Apparently, Google has always known that the California DMV wouldn't allow it to test self-driving cars on the road unless they have manual controls and a backup driver onboard. The company has just revealed in a new Google+ post that its latest prototypes (designed to live without the now-vestigial controls) can accommodate temporary steering wheels and controls, as seen above. Once testing's done, folks working on the self-driving car division can easily remove the steering wheel and any manual control they've had to add. Convenient, right?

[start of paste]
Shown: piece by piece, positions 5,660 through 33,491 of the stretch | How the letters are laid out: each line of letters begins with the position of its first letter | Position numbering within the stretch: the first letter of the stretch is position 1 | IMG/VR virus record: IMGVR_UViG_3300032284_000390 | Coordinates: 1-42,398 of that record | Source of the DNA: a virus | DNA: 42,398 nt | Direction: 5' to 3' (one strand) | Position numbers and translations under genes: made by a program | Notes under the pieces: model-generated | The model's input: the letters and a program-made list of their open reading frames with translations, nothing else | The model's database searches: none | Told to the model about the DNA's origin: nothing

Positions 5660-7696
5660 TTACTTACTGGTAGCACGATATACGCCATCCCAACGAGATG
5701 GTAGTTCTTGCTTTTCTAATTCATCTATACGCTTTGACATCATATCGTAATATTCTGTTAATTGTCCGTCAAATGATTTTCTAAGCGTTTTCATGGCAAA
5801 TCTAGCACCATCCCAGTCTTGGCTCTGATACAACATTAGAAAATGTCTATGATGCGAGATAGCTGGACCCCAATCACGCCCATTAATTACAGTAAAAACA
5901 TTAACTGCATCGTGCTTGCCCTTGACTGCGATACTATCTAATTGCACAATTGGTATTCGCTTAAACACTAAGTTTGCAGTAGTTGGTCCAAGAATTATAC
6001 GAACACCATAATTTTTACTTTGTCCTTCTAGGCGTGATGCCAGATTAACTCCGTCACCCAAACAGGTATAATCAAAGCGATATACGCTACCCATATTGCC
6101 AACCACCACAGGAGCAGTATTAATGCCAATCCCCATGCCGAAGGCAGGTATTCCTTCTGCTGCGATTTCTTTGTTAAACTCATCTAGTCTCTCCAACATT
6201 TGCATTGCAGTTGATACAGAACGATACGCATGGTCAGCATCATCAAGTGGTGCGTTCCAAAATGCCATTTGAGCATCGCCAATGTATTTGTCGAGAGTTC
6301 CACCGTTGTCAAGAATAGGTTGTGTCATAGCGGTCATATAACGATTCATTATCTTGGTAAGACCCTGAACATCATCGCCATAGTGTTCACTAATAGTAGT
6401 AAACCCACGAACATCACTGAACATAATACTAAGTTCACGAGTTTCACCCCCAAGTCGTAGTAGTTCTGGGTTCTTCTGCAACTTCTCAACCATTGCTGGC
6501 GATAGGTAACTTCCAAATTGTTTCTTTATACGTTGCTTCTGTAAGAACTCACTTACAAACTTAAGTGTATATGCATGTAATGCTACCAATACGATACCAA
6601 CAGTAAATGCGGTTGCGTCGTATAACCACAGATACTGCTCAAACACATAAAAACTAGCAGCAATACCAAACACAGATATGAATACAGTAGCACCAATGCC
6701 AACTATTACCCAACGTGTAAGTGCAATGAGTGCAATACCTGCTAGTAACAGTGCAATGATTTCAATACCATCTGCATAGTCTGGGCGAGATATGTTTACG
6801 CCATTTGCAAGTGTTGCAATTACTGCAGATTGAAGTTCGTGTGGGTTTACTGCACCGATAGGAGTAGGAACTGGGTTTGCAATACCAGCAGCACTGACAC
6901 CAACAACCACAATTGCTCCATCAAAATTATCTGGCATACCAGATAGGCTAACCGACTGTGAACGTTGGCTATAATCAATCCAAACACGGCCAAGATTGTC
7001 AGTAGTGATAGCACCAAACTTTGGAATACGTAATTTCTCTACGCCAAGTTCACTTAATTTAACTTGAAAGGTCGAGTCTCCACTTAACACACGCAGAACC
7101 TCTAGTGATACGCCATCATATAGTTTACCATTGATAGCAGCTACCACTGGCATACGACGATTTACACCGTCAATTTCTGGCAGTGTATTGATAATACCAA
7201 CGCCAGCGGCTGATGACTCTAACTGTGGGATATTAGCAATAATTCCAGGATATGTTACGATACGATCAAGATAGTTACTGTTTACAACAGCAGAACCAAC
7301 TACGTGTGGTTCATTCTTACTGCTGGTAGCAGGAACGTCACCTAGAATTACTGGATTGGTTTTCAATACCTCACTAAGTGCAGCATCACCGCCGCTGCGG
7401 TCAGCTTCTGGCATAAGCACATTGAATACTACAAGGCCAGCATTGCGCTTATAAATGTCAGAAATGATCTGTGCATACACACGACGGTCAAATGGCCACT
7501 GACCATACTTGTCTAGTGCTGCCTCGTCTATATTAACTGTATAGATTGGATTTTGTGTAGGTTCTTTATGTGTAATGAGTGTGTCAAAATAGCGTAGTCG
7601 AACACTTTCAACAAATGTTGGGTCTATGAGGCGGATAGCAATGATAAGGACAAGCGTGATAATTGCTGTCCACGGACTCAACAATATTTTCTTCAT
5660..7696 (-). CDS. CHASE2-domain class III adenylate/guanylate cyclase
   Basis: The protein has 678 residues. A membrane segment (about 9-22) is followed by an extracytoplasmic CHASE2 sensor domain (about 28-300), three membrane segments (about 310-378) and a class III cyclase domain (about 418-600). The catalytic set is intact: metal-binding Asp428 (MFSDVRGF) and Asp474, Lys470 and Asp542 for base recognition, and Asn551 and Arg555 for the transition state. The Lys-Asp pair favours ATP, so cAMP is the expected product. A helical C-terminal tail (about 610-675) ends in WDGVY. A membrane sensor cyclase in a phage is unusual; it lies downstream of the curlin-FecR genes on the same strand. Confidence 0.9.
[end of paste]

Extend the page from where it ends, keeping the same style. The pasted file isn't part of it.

Some of that prototype testing will take place at Moffett Field, home to NASA's Ames Research Center. Unlike its California-bound cars, though, those slated to hit the federal property's roads don't need to have manual controls at all. According to Google, its private test track simulates traffic lights, construction zones and even wobbly cyclists to create a busy street environment. In fact, a month or two after their initial testing (that's slated to begin three to six months from now), the prototypes don't even need to have backup drivers onboard. Google started leasing Hangar One and its surrounding air field at Moffett earlier this year, so it'll at least have a ton of parking space for its diminutive, cartoon-like vehicles.